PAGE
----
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Choose Your Tweets Wisely – Houston Tweeter Kicked Out of Restaurant

August 17th, 2011 · 7 Comments

Seems a popular tweeter in Houston was kicked out of a restaurant after tweeting a negative comment about the bartender and his service.

You can read about the ordeal of Allison Matsu and the DownHouse on the Houston Press blog, but the synopsis is this: Matsu was drinking at the bar and tweeted that the bartender was a twerp (the tweet has since been deleted) and included a derogatory hashtag. The restaurant manager saw the post, and from outside the restaurant, called the bartender, who gave the phone to Matsu. The manager and tweeter exchanged words, then Matsu was asked to leave. She did, allegedly, in tears.

Tweet positive, welcome; Tweet negative, get bounced

Comments are interesting on this one – some defending the restaurant and its right to serve or eject any patron; others defending the tweeter’s right to tweet in a restaurant that had previously encouraged the practice. Another group feel phones should be banished from the planet altogether and especially in restaurants.

But for those who allow or encourage it: You can tweet – as long as it’s positive? Since it’s protected by free speech, there’s no argument about her right to an opinion, tweeted, spoken, or otherwise.

Restaurants garner PR through Tweets and Foursquare and a bunch of other instant-gratification social media sites. Many hire groups to tweet from their restaurants to create the buzz desired; this is especially true among the 18-30 age group – demographics that certain restaurants and bars covet.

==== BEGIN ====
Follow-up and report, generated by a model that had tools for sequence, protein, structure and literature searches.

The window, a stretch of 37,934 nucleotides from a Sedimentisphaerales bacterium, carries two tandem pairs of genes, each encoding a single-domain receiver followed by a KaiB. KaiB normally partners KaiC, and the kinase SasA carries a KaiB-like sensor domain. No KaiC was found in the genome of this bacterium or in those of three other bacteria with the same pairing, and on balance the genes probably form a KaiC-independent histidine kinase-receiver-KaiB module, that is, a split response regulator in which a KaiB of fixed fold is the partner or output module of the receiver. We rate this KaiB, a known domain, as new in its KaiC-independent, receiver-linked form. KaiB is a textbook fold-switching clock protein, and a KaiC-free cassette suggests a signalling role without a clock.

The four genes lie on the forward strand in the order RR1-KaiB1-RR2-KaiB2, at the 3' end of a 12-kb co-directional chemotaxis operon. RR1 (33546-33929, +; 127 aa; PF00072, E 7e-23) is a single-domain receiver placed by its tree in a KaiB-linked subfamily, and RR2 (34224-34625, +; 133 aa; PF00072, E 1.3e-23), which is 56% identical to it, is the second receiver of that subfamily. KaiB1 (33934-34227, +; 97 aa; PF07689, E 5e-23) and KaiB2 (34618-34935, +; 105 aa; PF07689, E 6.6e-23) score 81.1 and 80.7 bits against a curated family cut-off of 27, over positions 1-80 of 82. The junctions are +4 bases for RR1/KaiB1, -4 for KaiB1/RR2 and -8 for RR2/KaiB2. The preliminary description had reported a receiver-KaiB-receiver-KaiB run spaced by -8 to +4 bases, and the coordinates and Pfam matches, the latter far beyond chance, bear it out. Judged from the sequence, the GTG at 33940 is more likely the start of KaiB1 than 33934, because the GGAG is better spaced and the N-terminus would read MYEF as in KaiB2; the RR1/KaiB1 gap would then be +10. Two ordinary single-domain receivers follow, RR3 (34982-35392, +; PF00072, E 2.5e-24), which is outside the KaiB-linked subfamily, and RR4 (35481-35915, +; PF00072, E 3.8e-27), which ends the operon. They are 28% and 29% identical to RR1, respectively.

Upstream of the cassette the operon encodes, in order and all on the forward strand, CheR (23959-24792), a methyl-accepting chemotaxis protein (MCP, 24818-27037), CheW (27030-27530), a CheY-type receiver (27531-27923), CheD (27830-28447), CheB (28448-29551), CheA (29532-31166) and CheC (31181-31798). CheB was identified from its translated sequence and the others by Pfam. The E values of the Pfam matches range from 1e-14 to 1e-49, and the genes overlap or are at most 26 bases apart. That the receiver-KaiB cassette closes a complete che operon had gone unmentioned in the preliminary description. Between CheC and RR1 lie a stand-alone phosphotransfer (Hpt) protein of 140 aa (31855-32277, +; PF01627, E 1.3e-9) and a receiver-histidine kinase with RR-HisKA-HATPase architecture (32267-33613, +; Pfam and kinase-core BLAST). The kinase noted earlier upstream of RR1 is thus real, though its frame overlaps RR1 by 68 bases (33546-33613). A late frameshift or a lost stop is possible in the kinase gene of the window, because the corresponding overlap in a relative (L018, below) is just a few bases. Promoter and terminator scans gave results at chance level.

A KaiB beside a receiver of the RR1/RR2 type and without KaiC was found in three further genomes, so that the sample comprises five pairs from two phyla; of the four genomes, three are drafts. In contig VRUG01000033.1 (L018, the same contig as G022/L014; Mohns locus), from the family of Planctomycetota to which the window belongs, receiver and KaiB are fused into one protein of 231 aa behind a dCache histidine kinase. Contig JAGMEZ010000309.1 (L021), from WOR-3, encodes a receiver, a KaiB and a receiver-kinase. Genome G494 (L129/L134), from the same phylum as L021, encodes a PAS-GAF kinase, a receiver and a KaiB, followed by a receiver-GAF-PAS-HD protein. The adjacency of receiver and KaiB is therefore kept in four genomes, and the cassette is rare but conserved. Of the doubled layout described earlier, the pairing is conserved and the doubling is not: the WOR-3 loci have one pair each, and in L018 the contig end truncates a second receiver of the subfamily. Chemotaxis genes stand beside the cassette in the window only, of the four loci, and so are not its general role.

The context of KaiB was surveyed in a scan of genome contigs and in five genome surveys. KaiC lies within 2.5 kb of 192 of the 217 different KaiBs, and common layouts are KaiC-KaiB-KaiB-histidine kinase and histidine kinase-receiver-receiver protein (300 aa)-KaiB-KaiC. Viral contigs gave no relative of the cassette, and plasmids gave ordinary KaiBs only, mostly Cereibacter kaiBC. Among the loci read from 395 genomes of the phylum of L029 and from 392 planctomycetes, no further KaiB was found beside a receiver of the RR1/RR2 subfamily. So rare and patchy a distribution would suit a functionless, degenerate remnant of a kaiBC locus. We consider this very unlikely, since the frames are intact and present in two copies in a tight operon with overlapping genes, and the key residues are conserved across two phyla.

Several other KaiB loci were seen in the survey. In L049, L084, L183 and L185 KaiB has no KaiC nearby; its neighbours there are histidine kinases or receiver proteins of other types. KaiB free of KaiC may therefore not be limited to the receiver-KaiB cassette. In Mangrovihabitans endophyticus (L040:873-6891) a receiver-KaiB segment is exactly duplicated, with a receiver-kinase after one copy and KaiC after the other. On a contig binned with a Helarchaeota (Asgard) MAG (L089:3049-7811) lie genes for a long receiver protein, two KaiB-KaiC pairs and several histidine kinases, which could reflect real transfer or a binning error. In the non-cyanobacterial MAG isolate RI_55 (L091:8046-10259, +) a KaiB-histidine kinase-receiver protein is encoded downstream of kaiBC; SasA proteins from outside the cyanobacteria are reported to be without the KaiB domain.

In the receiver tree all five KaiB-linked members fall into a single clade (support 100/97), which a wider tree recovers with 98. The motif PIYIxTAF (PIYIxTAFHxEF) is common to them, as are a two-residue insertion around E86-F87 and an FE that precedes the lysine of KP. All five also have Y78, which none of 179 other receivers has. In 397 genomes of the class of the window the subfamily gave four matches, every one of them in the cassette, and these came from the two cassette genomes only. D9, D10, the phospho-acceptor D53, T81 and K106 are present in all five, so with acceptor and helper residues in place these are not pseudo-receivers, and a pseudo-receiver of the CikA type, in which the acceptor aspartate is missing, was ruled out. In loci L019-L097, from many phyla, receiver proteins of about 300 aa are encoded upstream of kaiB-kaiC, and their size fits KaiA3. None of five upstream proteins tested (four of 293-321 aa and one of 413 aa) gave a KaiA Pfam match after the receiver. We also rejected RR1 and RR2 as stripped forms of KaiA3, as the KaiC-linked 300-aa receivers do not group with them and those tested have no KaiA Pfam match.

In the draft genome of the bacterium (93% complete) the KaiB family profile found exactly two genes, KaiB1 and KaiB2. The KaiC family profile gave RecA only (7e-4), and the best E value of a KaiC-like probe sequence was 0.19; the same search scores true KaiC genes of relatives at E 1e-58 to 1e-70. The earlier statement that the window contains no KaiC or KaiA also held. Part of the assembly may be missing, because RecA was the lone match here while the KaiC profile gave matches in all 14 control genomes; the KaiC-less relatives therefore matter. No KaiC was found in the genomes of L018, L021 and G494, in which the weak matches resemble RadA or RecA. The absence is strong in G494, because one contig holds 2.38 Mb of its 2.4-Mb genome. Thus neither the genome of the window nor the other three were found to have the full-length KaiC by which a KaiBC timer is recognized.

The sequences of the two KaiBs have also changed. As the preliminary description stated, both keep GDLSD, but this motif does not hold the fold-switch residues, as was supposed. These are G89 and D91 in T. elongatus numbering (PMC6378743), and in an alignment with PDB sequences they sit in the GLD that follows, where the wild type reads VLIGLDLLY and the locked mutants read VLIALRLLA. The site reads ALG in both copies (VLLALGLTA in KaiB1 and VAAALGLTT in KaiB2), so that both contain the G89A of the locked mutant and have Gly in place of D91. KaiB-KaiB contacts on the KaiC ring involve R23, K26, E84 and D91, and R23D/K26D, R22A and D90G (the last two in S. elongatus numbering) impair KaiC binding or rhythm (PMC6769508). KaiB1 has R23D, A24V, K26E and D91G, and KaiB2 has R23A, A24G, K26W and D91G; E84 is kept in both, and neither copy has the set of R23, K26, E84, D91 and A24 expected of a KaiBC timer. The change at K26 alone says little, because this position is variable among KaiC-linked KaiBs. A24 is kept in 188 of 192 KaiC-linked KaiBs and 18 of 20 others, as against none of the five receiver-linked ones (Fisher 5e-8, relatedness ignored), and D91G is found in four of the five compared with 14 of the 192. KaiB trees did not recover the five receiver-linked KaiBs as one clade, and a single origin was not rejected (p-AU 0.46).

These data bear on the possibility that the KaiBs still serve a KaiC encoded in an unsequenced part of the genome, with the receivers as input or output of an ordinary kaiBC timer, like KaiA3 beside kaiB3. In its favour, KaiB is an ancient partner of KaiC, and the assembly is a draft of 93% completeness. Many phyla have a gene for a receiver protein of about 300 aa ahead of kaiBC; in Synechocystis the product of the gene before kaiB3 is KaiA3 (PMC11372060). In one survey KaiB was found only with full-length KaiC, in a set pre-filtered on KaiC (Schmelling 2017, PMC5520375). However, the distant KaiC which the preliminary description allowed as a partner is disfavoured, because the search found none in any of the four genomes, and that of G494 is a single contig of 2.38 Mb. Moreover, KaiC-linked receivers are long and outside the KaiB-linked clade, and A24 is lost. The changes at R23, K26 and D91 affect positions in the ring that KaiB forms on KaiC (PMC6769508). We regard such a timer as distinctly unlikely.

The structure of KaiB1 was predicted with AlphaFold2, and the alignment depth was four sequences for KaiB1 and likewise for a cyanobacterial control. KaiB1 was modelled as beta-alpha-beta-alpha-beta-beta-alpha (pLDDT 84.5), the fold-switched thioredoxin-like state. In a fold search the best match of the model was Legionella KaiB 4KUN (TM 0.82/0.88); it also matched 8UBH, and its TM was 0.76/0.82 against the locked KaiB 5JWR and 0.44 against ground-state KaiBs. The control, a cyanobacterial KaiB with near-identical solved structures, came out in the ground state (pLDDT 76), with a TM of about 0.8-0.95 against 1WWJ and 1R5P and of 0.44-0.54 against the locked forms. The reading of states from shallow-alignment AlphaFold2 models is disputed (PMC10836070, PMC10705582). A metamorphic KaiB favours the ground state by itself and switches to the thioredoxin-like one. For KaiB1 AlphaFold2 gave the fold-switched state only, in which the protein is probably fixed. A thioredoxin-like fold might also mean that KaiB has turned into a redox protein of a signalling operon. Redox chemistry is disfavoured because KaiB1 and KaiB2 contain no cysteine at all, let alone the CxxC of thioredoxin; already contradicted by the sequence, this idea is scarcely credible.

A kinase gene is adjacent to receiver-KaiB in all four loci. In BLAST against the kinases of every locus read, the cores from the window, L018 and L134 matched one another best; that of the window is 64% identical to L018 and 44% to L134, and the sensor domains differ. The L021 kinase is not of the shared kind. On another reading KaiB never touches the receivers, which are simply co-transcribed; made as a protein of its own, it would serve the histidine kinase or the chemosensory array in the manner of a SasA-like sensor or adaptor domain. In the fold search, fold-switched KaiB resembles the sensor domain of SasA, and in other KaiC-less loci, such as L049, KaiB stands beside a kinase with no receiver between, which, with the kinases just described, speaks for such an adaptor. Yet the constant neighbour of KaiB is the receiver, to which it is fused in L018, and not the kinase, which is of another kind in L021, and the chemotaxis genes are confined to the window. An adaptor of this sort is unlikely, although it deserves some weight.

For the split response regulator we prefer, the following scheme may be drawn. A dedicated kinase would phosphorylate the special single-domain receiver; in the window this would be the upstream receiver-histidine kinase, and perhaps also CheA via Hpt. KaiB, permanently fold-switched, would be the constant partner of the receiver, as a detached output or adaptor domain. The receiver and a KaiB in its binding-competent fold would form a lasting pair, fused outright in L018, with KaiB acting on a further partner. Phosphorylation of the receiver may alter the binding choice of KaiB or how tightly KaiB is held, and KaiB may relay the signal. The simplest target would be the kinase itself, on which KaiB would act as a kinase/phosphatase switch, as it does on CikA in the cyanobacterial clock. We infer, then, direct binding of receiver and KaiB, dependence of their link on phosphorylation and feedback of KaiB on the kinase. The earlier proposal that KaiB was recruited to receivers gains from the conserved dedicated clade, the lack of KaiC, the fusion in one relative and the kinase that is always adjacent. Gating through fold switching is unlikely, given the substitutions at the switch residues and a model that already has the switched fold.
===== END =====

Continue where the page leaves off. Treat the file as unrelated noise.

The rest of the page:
Social media is a two-edged sword — and negative tweets should be expected along with the shout-outs.

In this case: Both win – Matsu with all the PR and sympathy she’s garnered and the followers she’s gained, and the restaurant, which finds its name on national blogs today, where before, it was only one of a zillion Houston, Texas, restaurants.

Tags: Talking Tables

7 responses so far ↓

  • 1 Ken Steinhoff // Aug 17, 2011 at 1:50 pm

    Live by the Tweet; die by the Tweet.

    I have no issues with someone tweeting a positive or negative review (although I’ll never see either).

    I give the manager credit for following up on the complaint and, without knowing how the conversation went, he could have been justified in uninviting her to eat in his establishment.

    If she had a valid issue that should be addressed, fine; it she was taking a cheap shot without trying to resolve the problem, then I don’t care if she left in tears. It’s easy to tweet; it’s harder to face a live human being to express your displeasure.

  • 2 Gil Velasquez // Aug 17, 2011 at 3:07 pm

    As someone familiar with all aspects of this locally, allow me to expand on what happened for the readers.

    The bartender in this case was bad-mouthing a highly respected bar owner in Houston named Bobby Heugel who owns a bar that everyone here loves and has become a mixology destination on various networks, etc. The Twitterer in this case, Allison, made a Tweet about that and was upset.

    The bartender had said his disparaging remarks in earshot of everyone – the patron did it on Twitter, not in the establishment (she called him a #twerp). The owner then phoned in to kick out the Twitterer (not even showing up).